Building science target. The money that would have been spent purchasing and installing one of these attic fans could pay for a more cost-effective upgrade, which would include more ceiling insulation and proper air sealing.
Attic ventilator fans have taken a whupping in the court of building science, played starring roles on useless-products lists, and gotten roughed up in the comments sections of blogs. Now they�re gadget non grata in Georgia�s supplement to the 2009 International Energy Conservation Code.
Actually, as energy consultant and Energy Vanguard blogger Allison Bailes points out, that particular part of Georgia's code supplement contains a loophole. In its list of mandatory "Systems" requirements, Georgia allows solar-powered attic ventilators, but attic ventilators designed to use grid power "shall not be connected to the electric grid." In other words, you can have one, as long as it's not plugged in.
Dealing with the heat
Despite the compromise, the rap on attic ventilators is now anchored in code. Promoters of these machines say the devices help cool attics by exhausting hot air to the outside. However, attic-fan critics say the fans often draw makeup air from a home's interior. During the summer, there's obviously a major energy penalty if your attic fan is pulling air-conditioned indoor air from the living space into the attic through leaks in the ceiling.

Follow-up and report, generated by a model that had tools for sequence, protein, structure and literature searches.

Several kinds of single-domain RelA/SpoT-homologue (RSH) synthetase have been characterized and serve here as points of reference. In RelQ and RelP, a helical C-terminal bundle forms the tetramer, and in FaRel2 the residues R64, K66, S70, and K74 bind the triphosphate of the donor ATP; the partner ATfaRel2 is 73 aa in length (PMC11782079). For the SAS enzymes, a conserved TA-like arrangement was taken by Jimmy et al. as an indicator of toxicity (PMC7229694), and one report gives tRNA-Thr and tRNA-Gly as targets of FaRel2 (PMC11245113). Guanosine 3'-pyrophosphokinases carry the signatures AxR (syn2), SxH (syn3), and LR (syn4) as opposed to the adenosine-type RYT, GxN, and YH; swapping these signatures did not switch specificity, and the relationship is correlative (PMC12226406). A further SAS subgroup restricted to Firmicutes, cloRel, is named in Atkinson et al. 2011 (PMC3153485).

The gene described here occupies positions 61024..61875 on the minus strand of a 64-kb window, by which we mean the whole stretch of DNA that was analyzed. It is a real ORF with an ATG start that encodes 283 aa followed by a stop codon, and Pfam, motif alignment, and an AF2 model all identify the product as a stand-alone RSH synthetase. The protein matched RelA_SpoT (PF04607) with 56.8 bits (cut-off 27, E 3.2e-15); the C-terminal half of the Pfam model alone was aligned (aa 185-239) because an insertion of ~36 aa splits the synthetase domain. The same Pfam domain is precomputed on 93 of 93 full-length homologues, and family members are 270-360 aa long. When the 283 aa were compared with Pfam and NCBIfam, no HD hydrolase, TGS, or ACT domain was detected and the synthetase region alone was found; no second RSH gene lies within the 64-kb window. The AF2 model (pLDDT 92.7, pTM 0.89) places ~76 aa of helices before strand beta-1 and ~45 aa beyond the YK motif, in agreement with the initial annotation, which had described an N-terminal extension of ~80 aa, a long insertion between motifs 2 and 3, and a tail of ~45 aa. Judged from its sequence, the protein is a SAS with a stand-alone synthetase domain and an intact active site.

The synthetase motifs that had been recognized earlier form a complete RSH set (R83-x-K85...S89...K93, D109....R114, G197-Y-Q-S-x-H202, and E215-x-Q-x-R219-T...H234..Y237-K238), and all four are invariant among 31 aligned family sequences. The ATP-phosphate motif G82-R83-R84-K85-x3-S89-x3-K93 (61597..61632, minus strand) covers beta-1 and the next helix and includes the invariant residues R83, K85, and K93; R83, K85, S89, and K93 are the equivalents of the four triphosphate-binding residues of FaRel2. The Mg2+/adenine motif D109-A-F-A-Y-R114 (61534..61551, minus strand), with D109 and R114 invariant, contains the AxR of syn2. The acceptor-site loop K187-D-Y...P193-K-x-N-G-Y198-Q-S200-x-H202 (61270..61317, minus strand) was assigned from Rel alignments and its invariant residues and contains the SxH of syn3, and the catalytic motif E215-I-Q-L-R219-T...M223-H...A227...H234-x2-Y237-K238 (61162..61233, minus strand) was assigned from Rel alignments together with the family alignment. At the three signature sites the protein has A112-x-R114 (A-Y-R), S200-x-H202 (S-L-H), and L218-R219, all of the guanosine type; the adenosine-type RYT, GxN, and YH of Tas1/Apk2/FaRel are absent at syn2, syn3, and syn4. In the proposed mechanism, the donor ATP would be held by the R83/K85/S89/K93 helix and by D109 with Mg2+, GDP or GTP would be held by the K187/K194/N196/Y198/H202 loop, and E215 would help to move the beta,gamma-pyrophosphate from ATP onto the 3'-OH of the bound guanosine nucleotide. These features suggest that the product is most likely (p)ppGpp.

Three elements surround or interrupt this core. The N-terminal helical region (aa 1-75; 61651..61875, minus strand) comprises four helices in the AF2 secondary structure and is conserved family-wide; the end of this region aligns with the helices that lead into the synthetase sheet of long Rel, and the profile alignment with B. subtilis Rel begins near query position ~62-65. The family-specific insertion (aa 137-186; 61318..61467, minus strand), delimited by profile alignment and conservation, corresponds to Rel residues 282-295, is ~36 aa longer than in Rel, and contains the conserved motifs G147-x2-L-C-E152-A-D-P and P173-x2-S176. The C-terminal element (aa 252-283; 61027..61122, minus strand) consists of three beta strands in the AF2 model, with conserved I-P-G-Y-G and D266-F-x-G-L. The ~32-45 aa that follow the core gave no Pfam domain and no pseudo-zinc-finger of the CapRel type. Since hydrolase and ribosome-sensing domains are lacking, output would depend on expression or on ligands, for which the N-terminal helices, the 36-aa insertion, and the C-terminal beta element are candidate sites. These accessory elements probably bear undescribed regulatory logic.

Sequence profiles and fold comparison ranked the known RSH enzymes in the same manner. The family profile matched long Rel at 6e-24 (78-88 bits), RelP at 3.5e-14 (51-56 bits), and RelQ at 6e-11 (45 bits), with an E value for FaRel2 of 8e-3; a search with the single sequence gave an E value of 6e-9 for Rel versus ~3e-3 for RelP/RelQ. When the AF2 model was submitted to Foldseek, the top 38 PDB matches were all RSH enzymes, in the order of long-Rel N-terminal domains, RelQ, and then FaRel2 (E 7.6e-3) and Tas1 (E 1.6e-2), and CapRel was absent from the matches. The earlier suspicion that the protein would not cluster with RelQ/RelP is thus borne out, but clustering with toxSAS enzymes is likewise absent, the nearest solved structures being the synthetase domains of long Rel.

Frequently cited research results from a study conducted in 1993 and one conducted by the Florida Solar Energy Center show that attic exhaust fans also can depressurize the living area to the extent they create potentially hazardous backdrafting conditions, particularly in homes with atmospherically vented gas appliances.
Energy consultants like Bailes and building scientists from FSEC and the Building Science Corporation suggest that, for most homes, the most cost-effective and safe approach to address high heat in attics is to perform air-sealing work at the ceiling and to insulate deeply. "

best of luck.

    Bookmark   November 6, 2012 at 11:49AM
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landngarage

I have called my builder. The gable vents will be installed as decorations only. I will redouble my caulking and insulation efforts between my little attic and the AC'd living space. Thank you!

    Bookmark   November 6, 2012 at 12:10PM
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athensmomof3

Ha. Just built in Georgia with power vents. Passed code. Not solar power. I understand the thought process behind no power vents (but didn't read them until after they were installed and we moved in). However, we moved in in late July. Our upstairs heat pump never kept up. Went on for several months and was troubleshooted (or troubleshot;)). I was in the attic and noticed the roof vents were never hooked up to electricity. They were hooked up, a/c immediately cooled and worked much less, bill went down 350.00.

Wonder why? Temperatures were consistent. We do have quite a bit of attic insulation but only blown in cellulose (a lot of it though). Perhaps that sealed any holes where air could be sucked in.

It was not the result I was expecting but am very glad for it.

    Bookmark   November 7, 2012 at 11:55AM
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energy_rater_la

atricle is recent. would not have been in effect
in july.

good for you landngarage.
make sure that a/c supply boxes are sealed to sheetrock
ceilings, oversized cuts at bath fans are sealed
and recessed lights are ICAT and not just IC.

best of luck.

    Bookmark   November 7, 2012 at 1:33PM